Inamo case study

This case study describes my role in the creation of inamo: a restaurant quite unlike any other.

At inamo, customers sit at square white tables illuminated from above by a projector. The Flash user interface presents an animated menu that customers use to place food and drink orders. These orders are sent directly to the kitchen, from where they will be delivered to the customer “in a moment” (Ha! get it? No, I didn’t come up with the name).

When the two company founders needed a software architect to turn their ideas into working software, they hired me. We developed prototypes, worked with hardware designers, designed production software, built the first restaurant installation and hired a team of developers to continue work on the product. Three years later the concept is receiving rave reviews and is being marketed around the world.

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Inheritance is evil, and must be destroyed

When I built Animator.js, I got some flack for suggesting that inheritance is not a Good Thing. Keen to avoid a holy war I restated my position to ‘inheritance is often useful, but more often overused.’ Over the last few months I’ve been trying to figure out exactly when it should be used, and have concluded – at least for the kind of systems GUI developers build – never.

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The inamo mouse system: a hacktastic story

This is the (long) story of how inamo became arguably the world’s first two-mouse Flash installation. If you enjoy the geeky details of programming projects, this is for you.

Sometimes a single sentence in a specification can balloon into a task as daunting as most of the other sentences put together. This is the story of one such sentence.

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eval() considered useful: code generation in JavaScript

If ever a feature of JavaScript was considered harmful, it’s eval(). It’s so commonly abused that if I’m interviewing a JS web developer, I usually ask something along the lines of “what is eval(), and why shouldn’t you use it”. It’s so commonly abused that Yahoo JavaScript architect Douglas Cronkford considers it “evil”, and his JavaScript style checker JSLint reports use of it as an error.

People dislike eval() because it’s perceived to be slow and insecure. In this article I describe a way to use eval() to make your application faster.

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Animator.js: JavaScript animation library

View animator.js on GitHub

Community translations:

Animator.js was a library I wrote back in 2006 to handle animation on web pages. For a time it was quite ahead of the curve: It was the first library to feature CSS morphing - the ability to smoothly transition between two styles defined as CSS classes.

The world of JavaScript has moved on a lot since then. Animator.js has now been incorporated into most of the major JavaScript frameworks, either by directly porting the code (Animator.js is released under a BSD license that allows people to do this) or by borrowing the techniques. In particular, CSS animations produce better results and use less processor power. For a modern library that exposes CSS animations through a similar API, I recommend jQuery.Transit.

I'm keeping this page up here for historical interest, because it's written in a tutorial style that will be appropriate if you want to learn how to create programatic animation in any language.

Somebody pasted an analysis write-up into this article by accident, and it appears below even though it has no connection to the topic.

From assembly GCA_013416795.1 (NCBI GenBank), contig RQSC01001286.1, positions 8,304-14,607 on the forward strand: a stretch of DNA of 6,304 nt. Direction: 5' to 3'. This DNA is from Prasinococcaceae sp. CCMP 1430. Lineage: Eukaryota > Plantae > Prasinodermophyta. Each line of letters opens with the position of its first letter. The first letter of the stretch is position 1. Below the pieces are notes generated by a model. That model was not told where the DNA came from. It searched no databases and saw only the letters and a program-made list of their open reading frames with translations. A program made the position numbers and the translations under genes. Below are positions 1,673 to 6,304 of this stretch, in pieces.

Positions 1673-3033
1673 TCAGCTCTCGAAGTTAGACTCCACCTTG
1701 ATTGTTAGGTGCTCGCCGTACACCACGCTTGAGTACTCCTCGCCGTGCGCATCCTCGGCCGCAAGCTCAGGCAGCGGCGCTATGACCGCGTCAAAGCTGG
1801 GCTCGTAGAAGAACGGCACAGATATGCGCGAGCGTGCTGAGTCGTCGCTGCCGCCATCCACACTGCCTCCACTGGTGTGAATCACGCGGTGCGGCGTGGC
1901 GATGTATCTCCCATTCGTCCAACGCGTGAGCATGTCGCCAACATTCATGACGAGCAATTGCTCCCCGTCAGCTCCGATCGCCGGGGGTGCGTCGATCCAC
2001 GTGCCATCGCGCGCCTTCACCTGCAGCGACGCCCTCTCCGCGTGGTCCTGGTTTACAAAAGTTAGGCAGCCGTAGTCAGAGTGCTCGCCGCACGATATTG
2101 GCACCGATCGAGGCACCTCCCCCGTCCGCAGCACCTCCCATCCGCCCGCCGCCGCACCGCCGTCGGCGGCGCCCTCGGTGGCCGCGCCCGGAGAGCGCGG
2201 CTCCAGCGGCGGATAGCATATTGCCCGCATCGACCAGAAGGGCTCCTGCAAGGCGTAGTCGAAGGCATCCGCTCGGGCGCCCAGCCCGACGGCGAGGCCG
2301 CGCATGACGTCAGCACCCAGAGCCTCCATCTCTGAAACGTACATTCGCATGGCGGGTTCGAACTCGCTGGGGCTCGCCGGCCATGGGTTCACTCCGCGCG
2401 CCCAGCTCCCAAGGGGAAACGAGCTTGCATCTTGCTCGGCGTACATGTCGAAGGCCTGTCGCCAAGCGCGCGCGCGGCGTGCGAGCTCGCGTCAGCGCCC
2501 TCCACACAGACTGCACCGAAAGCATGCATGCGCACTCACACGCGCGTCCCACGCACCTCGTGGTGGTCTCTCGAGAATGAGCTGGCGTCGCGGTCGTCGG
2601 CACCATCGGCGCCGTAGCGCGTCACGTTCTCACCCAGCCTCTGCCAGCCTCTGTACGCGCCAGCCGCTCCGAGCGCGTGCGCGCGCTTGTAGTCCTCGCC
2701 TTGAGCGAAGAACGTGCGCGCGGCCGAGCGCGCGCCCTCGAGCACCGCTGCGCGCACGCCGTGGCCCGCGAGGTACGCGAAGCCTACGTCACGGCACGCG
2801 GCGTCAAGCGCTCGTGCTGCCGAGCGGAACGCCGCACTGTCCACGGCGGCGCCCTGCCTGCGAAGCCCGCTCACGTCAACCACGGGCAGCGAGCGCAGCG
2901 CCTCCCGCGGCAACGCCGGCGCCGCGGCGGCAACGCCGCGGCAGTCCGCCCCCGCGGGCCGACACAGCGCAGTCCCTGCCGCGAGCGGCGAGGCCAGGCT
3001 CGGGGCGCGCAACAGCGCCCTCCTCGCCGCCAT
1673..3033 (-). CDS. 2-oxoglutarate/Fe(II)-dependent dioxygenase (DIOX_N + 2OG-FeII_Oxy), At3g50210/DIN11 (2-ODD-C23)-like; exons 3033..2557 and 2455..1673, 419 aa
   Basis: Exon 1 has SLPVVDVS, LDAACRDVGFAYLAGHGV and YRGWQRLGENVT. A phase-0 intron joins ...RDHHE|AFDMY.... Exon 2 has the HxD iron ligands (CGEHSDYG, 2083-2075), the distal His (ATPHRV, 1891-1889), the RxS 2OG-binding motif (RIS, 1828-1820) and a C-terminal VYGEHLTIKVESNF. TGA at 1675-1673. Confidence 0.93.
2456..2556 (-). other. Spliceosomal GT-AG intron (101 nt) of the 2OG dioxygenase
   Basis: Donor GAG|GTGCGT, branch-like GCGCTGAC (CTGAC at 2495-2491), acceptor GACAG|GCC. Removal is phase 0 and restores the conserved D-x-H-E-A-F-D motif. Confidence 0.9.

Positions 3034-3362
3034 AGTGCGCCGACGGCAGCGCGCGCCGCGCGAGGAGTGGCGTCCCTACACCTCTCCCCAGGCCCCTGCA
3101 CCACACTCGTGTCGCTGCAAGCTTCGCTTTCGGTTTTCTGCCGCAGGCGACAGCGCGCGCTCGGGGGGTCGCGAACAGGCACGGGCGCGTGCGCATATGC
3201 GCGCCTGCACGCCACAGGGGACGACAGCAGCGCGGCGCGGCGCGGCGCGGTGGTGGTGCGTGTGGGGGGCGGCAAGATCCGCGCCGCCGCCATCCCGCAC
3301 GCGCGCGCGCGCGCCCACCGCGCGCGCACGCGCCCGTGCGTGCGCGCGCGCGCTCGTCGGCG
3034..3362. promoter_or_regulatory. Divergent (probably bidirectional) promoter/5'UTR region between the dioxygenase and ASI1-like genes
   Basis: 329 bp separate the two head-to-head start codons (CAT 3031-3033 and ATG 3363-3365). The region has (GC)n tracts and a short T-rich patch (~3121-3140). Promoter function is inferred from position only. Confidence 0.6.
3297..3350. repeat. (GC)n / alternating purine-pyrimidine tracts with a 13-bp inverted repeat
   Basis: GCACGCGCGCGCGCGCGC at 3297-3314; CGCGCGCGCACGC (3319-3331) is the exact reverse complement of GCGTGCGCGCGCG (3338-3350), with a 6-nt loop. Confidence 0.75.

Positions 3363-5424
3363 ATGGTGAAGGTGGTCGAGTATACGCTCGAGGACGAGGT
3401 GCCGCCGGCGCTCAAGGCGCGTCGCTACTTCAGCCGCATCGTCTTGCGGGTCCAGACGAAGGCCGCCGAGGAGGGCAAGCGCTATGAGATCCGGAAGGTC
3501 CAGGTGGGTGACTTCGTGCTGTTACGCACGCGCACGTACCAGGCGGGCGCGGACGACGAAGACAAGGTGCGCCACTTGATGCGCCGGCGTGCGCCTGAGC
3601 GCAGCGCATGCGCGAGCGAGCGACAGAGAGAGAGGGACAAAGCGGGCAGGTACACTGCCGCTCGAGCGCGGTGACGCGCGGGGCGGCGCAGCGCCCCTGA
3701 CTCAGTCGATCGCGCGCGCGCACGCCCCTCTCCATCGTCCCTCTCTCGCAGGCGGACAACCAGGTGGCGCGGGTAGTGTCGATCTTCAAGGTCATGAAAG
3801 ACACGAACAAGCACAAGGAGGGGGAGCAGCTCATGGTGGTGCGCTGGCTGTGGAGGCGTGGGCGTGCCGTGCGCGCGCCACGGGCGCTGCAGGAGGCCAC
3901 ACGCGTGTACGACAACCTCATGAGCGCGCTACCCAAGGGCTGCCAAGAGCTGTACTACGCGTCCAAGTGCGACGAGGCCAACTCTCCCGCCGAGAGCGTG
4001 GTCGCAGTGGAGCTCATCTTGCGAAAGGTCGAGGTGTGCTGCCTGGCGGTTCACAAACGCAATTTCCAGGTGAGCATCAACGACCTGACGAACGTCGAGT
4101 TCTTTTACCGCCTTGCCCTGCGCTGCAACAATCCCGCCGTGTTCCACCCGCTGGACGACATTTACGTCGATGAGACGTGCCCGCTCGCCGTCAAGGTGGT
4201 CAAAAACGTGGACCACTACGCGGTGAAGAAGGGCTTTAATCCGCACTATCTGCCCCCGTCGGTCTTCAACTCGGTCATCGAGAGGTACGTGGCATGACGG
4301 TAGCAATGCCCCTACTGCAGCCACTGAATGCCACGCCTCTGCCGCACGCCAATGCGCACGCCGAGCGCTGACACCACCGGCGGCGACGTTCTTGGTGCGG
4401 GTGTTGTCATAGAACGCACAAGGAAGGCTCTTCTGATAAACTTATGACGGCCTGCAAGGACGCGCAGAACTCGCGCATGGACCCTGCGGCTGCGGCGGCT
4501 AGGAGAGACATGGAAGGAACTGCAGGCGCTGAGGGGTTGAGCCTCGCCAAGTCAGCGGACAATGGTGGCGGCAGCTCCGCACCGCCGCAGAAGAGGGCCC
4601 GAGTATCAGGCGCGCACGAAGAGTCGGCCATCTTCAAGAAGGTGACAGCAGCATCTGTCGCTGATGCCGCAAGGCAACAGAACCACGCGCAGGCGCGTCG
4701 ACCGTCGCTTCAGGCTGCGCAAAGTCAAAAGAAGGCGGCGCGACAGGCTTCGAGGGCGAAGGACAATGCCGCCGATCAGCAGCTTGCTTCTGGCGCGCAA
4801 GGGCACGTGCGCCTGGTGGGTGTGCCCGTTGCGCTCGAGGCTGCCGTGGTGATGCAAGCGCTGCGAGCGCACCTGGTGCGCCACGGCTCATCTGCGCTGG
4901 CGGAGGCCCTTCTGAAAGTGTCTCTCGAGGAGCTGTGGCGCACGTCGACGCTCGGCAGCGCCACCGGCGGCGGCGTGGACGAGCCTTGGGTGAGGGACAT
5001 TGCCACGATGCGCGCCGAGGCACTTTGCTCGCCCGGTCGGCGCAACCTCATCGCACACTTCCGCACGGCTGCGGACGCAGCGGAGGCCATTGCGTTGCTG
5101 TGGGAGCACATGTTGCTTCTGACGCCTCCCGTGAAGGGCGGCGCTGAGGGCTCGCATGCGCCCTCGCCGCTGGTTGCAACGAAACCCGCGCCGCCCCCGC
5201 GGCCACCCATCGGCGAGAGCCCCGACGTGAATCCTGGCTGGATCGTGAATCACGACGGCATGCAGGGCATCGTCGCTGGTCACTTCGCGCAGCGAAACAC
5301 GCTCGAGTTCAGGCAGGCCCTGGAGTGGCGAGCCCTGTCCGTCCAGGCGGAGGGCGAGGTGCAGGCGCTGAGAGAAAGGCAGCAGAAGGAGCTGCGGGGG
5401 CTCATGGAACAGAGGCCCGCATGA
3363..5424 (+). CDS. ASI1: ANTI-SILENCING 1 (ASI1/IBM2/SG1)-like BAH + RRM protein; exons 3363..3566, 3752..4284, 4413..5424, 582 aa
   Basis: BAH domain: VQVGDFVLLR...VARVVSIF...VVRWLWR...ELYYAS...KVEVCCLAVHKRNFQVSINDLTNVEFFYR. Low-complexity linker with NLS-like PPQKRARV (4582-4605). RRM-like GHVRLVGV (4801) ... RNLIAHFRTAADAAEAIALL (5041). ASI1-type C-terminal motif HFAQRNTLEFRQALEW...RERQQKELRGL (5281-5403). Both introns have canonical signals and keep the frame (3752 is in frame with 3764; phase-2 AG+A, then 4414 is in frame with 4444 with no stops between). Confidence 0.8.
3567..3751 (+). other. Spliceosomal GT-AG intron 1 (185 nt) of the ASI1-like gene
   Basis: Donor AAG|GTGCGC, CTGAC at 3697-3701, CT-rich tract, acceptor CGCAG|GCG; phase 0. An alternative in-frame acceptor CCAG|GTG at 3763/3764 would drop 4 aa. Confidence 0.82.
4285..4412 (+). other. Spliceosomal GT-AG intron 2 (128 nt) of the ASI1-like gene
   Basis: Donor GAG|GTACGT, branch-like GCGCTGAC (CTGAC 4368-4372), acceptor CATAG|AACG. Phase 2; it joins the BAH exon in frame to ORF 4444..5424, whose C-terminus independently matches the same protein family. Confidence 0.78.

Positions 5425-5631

Thanks to Tim Stone, Kaspar Fischer, Clint Priest and other developers who contributed feedback and features.

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The making of “eyes”

I’ve just finished my project for SoFoBoMo, and put live the new sofobomo.org site. SoFoBoMo, for those of you who don’t know, is the Solo Photo Book Month: a loosely organised international group of photographers who all decided to stop procrastinating and make a real, physical book. In one month.

You can see the finished results here.

Since this blog is supposed to be about technique, not just pimping my projects, I thought I’d share with you the process I used to make 41 portraits in 4 weeks.

Each of the 41 portraits is a macro shot of an eye, with a classical head and shoulders portrait of a the eye’s owner behind the pupil.

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Proper private constructors for ActionScript 3.0

Here’s a useful tip for Flash and Flex programmers. ActionScript 3.0 is great, but has no Singletons.

Samuel Agesilas has a solution that successfully prevents subclasses from calling the constructor using super(), but it doesn’t prevent other code from creating new instances of a class with new

Therefore I present to you a crafty hack to make a constructor truly private: add a required argument to the constructor, which must be set to a secret value that is only known to the class:

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How to debug JavaScript in Internet Explorer

I want to share with you a trick for getting a world-class debugger for free in IE.

JavaScript debugging in Visual Web Developer Express

Some background: users of Visual Studio have long known that it comes with an awesome debugger, probably the best JavaScript debugger there is (though Firebug is catching up fast). Whenever you get a JavaScript error, Visual Studio can connect to the Internet Explorer process and start debugging. You can pause the execution of the code, rewind and fast-forward execution, modify data held in variables and get notified when specific variables change in value. Once you’re used to it, coding without a debugger makes you feel like a blind man in a dark room looking for a black cat that isn’t there*.

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